Monday, June 11, 2012

Oil that is, black gold, Texas tea.


Do you own the mineral rights of the land that you are purchasing?  I read this disturbing piece from Clark Howard and it seems that there are some developer selling the land but not the mineral rights! 

http://www.clarkhoward.com/news/clark-howard/homes-real-estate/gotchas-new-homebuyers/nNWWQ/

That's right There Will Be Blood a la Daniel Day-Lewis will be in your face:
"Drainage! Drainage, Eli, you boy. Drained dry. I'm so sorry. Here, if you have a milkshake, and I have a milkshake, and I have a straw. There it is, that's a straw, you see? You watching?. And my straw reaches acroooooooss the room, and starts to drink your milkshake... I... drink... your... milkshake!" [sucking sound]

Also what is equally disturbing is that this other developer is charging a 1% fee when ever the home is sold for the next 99 years!

Now before anyone starts forming a mob to go over to the nearest model, I did check my contract and I did not see where I was signing away any mineral rights, or that there would be some fee serfdom for the next 99 years.  I also emailed the SR to get some confirmation and frankly some documentation that Ryan Homes is not pursuing this path.  The SR did confirm that this is not something that they do , and she also confirmed that I was the first crazy one to ask :-)

Kudos to Ryan Homes for not being involved in this lowly practice as far as my relationship with them.  I am certainly glad that I am not working with this other developer!  Still I would say that it may be worth it to take another look to review your own contract.

P.S.
The title is from the Beverly Hillbillies.  If you haven't been graced with the opportunity to watch any of the shows it is well worth it to get some learnenz from Jed Clampett.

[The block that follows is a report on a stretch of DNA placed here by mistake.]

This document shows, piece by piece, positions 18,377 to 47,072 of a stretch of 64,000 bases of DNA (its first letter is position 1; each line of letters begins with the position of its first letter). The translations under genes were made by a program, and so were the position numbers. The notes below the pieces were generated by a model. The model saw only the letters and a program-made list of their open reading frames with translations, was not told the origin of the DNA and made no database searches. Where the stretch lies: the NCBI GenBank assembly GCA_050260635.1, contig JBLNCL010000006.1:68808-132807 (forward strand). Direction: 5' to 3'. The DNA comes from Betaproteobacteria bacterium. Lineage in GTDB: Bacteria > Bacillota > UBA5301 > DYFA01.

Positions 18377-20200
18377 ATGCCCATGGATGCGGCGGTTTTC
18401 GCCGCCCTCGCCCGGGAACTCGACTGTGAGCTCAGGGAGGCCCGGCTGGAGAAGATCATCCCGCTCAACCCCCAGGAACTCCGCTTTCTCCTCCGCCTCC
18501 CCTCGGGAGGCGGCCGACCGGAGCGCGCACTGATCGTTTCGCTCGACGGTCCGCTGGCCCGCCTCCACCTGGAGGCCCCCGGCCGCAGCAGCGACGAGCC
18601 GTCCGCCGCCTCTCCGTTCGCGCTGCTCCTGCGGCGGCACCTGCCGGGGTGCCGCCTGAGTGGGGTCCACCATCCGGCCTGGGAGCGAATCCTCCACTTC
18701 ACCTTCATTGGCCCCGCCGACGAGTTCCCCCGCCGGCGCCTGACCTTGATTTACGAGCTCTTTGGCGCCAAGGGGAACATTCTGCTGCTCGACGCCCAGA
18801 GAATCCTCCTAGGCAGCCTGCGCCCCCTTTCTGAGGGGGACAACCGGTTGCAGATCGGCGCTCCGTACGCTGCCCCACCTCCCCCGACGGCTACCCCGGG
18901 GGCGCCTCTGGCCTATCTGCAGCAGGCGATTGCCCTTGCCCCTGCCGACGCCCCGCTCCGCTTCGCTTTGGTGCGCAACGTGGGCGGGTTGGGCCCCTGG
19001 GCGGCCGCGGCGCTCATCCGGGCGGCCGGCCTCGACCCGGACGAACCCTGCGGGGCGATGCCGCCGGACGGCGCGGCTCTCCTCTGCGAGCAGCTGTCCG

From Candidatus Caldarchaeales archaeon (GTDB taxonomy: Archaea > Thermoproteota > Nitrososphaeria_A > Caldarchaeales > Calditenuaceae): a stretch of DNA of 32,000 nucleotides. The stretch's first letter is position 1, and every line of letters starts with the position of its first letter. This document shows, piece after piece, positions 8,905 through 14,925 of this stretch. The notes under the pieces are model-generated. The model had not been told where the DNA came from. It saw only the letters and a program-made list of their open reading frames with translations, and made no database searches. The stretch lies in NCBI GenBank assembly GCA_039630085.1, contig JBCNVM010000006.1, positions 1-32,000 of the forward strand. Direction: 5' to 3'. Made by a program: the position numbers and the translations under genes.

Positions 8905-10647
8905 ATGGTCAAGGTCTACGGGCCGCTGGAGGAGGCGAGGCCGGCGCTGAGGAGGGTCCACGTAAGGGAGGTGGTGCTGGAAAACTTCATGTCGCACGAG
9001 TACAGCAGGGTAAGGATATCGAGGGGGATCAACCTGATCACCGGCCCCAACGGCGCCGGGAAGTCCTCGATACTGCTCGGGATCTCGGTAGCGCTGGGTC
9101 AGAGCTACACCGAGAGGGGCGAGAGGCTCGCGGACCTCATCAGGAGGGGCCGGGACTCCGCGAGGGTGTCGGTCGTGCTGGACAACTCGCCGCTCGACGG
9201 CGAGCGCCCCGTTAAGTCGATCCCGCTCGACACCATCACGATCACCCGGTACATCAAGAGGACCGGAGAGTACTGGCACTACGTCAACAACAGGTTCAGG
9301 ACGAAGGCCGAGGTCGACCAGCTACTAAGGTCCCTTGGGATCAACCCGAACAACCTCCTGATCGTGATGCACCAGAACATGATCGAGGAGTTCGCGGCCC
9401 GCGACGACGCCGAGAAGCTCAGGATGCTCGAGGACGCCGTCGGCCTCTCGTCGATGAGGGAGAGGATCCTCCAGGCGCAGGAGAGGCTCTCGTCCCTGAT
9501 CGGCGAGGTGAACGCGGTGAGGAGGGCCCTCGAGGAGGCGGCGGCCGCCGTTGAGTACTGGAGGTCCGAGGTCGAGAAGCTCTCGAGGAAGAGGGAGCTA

Also, there is no progress today on the framing because of rain.  I went by the site and things looked relatively dry so that made me feel better.

9 comments:

  1. We had to give up the mineral rights to our property. My husband works in natural gas drilling and was NOT pleased about it. We went round and round about it, had lawyers look into it and were basically told if we don't like it, we don't have to build there.
    We plan to stay in this house for 5-10 years and it's the exact neighborhood we wanted to be in so I didn't want to walk away, but we will likely go a different route for our "forever" home.

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    1. I must apologize because I thought that it was general Ryan policy not to do this. I am very surprised that they would go this route. Seems like it based on the region you are building in and the likelihood of deposits :-(

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  2. lol @ first crazy one to ask. and now the theme song to the beverly hill billies is stuck in my head!

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    1. Here is the theme song :-)

      http://www.youtube.com/watch?v=NwzaxUF0k18

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  3. Depends on the region I'm sure, most of the land around here had the mineral rights optioned to coal companies a long long time ago, I didn't have the mineral rights on my previous house nor did anyone in the neighborhood and those houses were built in the 50's

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  4. We don't own the mineral rights on our property either. This was the case across our region with all new subdivisions. We are in Pittsburgh, PA.

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  5. Yup. Pretty much what they said. Mineral Rights for the land was taken long ago and most of us do not have a choice in the matter for a small lot in a subdivision plan. Even some larger farm areas with lots of land being sold do not come with mineral rights.

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  6. All very interesting. So it sounds like the previous land owners sold the rights and Ryan bought the land after the fact. Ryan does not have the mineral rights, someone else does, like a coal mine.

    It seems that Kristina + Adam had to still "give up" their rights like the rights were still tied to the land, so I wonder what the full circumstance is there.

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